Huawei Responds to Netizens, Saying Posters Were Meant to ‘Hint At,’ Not Mislead

A man walks past a Huawei's company logo outside its shop in Bangkok
A man walks past a Huawei's company logo outside its shop in Bangkok, Thailand, January 30, 2019 (Photo: REUTERS/Athit Perawongmetha)

Chinese smartphone maker Huawei has responded to netizens who said they used deceit in promoting the new P30 smartphone.

Marketing companies usually emphasize a product's strengths and key features in order to capture the public's attention and make sales. Chinese smartphone maker Huawei believes this and launched a campaign to promote their new smartphone's camera capabilities

Huawei's Richard Yu published several posters on the Chinese social media platform Weibo, all of them purportedly demonstrating the upcoming P30 smartphone's "superzoom" features. The posters illustrated what "zoomed-in" photos on the P30 could look like.

Netizens, however, were quick to point out that Huawei was misleading the public because the posters, they found out, featured professional photos captured using DSLR cameras.

GadgetMatch, a tech news outlet reported that one of the posters, which featured a volcano off the coast of Indonesia named Anak Krakatau, was originally taken by a Volcano Discovery photographer named Tom Pfeiffer a decade ago.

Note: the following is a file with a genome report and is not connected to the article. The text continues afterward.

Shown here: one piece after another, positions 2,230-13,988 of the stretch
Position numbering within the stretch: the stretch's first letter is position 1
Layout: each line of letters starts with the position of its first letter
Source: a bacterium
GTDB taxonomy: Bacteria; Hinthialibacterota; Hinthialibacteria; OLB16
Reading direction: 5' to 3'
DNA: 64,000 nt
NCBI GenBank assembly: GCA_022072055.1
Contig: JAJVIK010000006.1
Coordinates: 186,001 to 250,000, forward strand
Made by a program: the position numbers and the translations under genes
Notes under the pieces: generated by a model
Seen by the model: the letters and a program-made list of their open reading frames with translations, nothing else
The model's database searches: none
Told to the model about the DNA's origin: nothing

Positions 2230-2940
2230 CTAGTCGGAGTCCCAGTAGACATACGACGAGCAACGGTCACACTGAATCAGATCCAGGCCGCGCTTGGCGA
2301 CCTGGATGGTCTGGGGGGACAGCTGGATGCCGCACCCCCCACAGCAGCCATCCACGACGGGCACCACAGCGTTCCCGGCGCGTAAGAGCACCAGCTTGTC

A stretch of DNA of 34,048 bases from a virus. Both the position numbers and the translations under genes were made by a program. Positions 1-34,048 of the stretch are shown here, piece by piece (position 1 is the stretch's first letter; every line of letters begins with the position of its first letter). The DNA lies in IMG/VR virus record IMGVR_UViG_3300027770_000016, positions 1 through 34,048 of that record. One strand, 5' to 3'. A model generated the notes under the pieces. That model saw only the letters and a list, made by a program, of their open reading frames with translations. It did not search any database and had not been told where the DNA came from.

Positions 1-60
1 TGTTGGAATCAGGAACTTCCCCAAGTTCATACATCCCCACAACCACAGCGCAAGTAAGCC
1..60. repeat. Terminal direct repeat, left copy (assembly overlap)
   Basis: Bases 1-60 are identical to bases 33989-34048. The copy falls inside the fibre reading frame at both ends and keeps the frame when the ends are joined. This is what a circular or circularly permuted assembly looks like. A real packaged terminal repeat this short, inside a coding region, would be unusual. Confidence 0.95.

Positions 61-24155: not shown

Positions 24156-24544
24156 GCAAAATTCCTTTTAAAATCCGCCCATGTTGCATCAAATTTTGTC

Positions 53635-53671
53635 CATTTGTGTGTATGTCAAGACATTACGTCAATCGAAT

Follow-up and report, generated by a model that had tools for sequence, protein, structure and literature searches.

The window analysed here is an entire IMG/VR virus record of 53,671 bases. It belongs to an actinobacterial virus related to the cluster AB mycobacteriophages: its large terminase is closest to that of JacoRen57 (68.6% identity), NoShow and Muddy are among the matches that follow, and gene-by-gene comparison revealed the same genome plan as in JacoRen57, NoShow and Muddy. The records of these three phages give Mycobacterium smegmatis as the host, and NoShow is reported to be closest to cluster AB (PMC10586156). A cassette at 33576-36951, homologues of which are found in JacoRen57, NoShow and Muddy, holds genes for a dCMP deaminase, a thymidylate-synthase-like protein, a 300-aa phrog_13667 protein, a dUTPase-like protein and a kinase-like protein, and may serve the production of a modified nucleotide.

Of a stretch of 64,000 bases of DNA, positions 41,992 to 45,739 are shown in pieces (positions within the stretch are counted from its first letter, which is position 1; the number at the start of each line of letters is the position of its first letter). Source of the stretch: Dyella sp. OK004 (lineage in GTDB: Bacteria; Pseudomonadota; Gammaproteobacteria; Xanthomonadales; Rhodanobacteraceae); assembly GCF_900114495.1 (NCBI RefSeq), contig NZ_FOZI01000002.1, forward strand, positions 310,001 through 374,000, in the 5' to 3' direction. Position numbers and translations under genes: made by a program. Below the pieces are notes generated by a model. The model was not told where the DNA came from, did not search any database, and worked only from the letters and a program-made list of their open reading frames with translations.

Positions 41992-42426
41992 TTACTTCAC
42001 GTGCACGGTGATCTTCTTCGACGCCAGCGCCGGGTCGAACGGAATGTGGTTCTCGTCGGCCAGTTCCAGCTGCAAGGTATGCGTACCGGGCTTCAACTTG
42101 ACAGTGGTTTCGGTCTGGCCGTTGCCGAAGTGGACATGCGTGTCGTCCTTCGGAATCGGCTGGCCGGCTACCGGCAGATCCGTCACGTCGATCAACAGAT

GSM Arena, after hearing of GadgetMatch's discovery, also reported that one of the photos was taken by another professional photographer. The photo, which showed a child's hands reaching out to a duck, is actually included in a portfolio that belongs to a renowned photographer named Jake Olson.

Engadget editor Richard Lai said Huawei wouldn't receive such backlash from netizens if they simply didn't use professional photos in a campaign meant to promote their new camera-centric smartphone.

Lai also pointed out how Huawei only added disclaimers to the posters after being called out for using "fake" sample shots. This update to the posters, Lai said, simply shows that the smartphone maker knows what it did.

In their defense, Huawei issued a statement to Android Authority, saying they are "aware" that the use of the said posters has caused a "misunderstanding" among consumers.

Huawei said that those posters were mere "teaser posters" meant to "hint at" or spark interest about the new smartphone's features. These posters, they said, were mere "artistic renditions" showing what the upcoming smartphone might be capable of doing, thus showing the public the possible benefits they can get from it.

Huawei also said they did not use the photos featured in the posters illegally; rather, they have acquired licenses to the original pictures before using them as promotional material.

The Chinese company ended their message by saying they still have a lot of things to announce within the following weeks. Huawei is scheduled to have an event later this month, on March 26, where they can be expected to showcase the capabilities of the P30's periscope camera.

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